This essay challenges the claim that President James Madison, the namesake of the Trump Administration’s “New Madison” Approach to Antitrust and Intellectual Property Law, was an advocate for strong patent rights unrestrained by the limitations of antitrust law. While Madison supported the authority of Congress to grant patents to inventors, this view was widely shared by his contemporaries. Rather than advocating for strong patent rights, Madison’s writings reveal that he was concerned about the “exorbitant gains” that patents and other monopolies could confer upon their holders, while at the same time preventing individuals from exercising their trades. Most importantly, Madison formulated his views a full century before the enactment of the antitrust laws, in an economic environment in which private firms could not acquire market power absent governmentally-issued monopolies. This suggests that Madison is an inapt namesake for the policies of a federal agency that is charged with enforcing the antitrust laws today. For all of these reasons, the “New Madison” approach is plainly “Not” Madison, and the continued misuse of this label distorts the views of a major figure in American Constitutional history.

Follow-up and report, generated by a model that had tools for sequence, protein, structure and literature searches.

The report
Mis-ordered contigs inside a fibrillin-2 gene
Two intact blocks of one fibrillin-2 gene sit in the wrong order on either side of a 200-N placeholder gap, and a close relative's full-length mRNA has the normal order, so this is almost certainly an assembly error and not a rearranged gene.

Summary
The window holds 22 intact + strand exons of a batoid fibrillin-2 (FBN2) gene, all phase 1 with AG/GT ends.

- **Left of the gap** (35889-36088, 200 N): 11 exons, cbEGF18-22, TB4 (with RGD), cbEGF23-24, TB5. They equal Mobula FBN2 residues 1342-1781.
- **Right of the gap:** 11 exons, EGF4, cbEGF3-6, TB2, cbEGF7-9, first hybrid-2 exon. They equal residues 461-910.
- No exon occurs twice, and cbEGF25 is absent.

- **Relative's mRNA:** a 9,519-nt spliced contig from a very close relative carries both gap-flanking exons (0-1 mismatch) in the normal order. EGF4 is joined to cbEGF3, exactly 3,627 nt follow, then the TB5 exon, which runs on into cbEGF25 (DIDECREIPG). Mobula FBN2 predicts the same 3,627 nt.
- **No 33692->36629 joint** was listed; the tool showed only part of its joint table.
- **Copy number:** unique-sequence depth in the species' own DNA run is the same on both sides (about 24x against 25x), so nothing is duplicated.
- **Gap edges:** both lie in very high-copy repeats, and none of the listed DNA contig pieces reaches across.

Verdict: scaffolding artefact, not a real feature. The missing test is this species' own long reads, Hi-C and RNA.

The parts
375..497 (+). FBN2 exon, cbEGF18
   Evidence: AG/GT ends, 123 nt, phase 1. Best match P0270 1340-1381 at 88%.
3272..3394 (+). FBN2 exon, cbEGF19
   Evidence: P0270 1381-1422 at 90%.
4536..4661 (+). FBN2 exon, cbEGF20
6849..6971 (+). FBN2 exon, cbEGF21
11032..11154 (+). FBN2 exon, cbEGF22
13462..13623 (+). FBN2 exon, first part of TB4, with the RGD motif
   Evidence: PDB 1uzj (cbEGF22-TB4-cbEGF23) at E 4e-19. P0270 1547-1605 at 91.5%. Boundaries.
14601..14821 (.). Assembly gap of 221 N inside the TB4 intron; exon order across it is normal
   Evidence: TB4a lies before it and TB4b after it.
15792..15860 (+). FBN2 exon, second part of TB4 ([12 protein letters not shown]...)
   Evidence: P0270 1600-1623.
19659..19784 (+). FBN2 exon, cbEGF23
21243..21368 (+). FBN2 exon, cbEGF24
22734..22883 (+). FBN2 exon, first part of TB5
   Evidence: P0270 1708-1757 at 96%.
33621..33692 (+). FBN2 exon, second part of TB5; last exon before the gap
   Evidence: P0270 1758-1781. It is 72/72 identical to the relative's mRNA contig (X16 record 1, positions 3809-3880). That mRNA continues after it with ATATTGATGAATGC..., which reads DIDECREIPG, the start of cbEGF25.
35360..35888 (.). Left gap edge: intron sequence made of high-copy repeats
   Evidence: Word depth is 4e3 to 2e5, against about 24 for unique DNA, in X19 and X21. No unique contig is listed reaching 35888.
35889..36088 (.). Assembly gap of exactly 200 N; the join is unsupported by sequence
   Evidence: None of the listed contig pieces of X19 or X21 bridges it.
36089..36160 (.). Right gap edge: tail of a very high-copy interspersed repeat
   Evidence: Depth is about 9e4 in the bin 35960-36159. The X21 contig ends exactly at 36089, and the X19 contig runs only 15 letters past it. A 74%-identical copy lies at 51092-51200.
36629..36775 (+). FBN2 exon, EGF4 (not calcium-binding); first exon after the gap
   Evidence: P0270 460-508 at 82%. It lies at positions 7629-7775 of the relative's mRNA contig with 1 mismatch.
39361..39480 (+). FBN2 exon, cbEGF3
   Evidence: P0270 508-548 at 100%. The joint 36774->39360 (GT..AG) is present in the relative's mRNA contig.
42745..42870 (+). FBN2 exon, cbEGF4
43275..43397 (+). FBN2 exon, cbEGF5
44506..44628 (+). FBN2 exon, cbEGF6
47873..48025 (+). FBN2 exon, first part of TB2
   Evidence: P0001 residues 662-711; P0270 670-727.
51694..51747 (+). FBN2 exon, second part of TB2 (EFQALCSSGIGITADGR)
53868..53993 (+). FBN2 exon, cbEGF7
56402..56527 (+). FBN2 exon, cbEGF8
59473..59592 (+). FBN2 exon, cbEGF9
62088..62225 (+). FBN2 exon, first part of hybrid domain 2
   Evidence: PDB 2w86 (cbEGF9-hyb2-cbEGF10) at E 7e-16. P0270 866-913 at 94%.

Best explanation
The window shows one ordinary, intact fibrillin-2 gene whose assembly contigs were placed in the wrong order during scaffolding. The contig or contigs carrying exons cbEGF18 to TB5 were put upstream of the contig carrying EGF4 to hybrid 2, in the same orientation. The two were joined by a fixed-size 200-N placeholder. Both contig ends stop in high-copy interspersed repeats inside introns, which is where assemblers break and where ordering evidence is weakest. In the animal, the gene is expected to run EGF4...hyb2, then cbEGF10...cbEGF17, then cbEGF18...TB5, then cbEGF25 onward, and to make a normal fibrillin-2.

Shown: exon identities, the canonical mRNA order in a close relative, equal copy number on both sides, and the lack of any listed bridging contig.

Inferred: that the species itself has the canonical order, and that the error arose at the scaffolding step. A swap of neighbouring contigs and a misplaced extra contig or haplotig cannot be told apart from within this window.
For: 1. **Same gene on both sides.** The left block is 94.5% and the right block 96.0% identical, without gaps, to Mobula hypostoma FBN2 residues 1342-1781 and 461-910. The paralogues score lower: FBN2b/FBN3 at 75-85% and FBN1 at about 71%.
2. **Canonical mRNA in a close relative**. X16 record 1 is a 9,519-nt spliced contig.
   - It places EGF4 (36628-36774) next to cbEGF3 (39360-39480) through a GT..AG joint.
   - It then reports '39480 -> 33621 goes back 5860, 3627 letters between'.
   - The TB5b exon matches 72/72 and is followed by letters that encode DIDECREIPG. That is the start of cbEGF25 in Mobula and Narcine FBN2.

By Jorge L. Contreras1

 

In March 2018, Makan Delrahim, President Donald Trump’s Assistant Attorney General for the U.S. Department of Justice Antitrust Division, delivered a speech titled “The New Madison Approach to Antitrust and Inte

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